Patient with chemotherapy-induced heart failure first to receive stem cells in clinical trial
For the first time, University of Florida Health cardiologists have implanted stem cells into the heart of a breast cancer survivor with heart failure in a Phase 1 clinical trial that will examine the feasibility and safety of treating these kinds of patients with stem cells. In the next phases of clinical trials, the researchers will be studying whether stem cells from healthy subjects can improve heart function in patients who have been treated with a group of drugs called anthracyclines, chemotherapy drugs that are still used today.
In about 3 to 5 percent of patients treated with anthracycline, the chemotherapy causes a form of heart failure called anthracycline-induced cardiomyopathy, according to Carl Pepine, M.D., a professor of medicine in the UF College of Medicine, who is leading the research at UF.
The researchers are hoping that injecting mesenchymal stromal cells — cells formed in bone marrow that have not yet developed for a specific role in the body — into the hearts of patients with this kind of cardiomyopathy can instigate the regeneration or repair of damaged and scarred tissue.
“We hope the cells will cause the heart tissue to regenerate and repair itself by attracting other ‘repair cells’ to restore functional heart tissue damaged by the anthracyclines,” said Anita Szady, M.D., a member of the heart failure and cardiac transplant team within the UF College of Medicine’s division of cardiovascular medicine.
Anthracyclines have been used over the past 50 years in patients with breast cancer, lymphomas, leukemia and sarcomas, or bone tumors. If some patients were given too much of the medicine, or were treated for too long with the drug, they were at risk of damage to their heart tissue. Anthracyclines are still used to treat patients with cancer, but now cardiologists work closely with oncologists to monitor the amount of the drug given as well as the patient’s cardiac function, says Szady.
The heart failure can show up as long as 20 years after the patient’s cancer treatment. Some patients with cardiomyopathy benefit from typical medications used to treat heart failure, such as ACE inhibitors, statins and beta blockers, but other patients may not benefit from these medications and some require heart transplants.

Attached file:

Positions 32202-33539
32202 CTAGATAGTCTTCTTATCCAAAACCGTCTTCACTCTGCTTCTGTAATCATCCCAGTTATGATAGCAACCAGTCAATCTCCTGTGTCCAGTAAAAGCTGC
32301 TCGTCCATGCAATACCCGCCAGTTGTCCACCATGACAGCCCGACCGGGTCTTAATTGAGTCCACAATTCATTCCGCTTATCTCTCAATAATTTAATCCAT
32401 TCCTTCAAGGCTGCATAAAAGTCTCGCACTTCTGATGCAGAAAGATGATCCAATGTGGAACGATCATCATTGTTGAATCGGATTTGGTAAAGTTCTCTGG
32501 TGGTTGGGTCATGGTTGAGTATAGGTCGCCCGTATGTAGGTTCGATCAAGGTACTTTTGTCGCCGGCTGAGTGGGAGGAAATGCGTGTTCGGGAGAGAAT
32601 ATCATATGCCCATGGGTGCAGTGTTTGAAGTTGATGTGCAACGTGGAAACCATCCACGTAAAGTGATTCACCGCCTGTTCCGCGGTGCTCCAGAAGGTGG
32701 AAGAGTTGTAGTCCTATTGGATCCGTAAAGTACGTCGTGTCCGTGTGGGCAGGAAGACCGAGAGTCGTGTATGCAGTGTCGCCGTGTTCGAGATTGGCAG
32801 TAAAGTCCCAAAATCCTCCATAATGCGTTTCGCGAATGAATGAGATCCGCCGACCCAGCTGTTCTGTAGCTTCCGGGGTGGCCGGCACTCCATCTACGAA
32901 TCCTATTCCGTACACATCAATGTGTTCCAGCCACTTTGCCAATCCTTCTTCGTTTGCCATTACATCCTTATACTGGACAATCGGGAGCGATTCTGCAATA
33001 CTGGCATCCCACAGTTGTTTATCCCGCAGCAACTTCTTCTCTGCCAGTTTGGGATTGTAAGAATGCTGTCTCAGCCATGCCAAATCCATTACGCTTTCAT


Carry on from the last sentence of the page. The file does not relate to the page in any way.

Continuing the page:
Szady is the cardiologist of the patient who recently received the stem cells. Heart failure is often referred to as “reduced ejection fraction,” or a poor ability to pump oxygen-rich blood through the body. That’s because part of the heart tissue important in pumping blood is damaged.
“Her heart function is limited and her options for advanced therapy are limited,” Szady said. “This trial is something I felt was perfect for her.”
Szady will meet with and evaluate the patient following the procedure at intervals of one week, one month, six months and a year.
The stem cells used in the trial are taken from healthy donors because of the participants’ histories of cancer. These particular stem cells are allogeneic, which means when they are transplanted into a different host, the host’s immune system does not mount an attack against these mesenchymal stromal cells in the same way it might against some other kinds of cells.
“The first goal of this trial is to look at safety,’’ Pepine said. “Allogeneic cells have been given to hundreds of patients, and this has been done for a number of years here at UF in other trials, so we don’t anticipate a problem. But these cells have never been given to people who have this disease.’’
The Phase 1 trial, sponsored by the National Heart, Lung and Blood Institute, part of the National Institutes of Health, is set to recruit 36 patients at seven clinical sites within the Cardiovascular Cell Therapy Research Network. This network, funded by the NIH, connects researchers who are studying stem cell therapy for treating heart disease.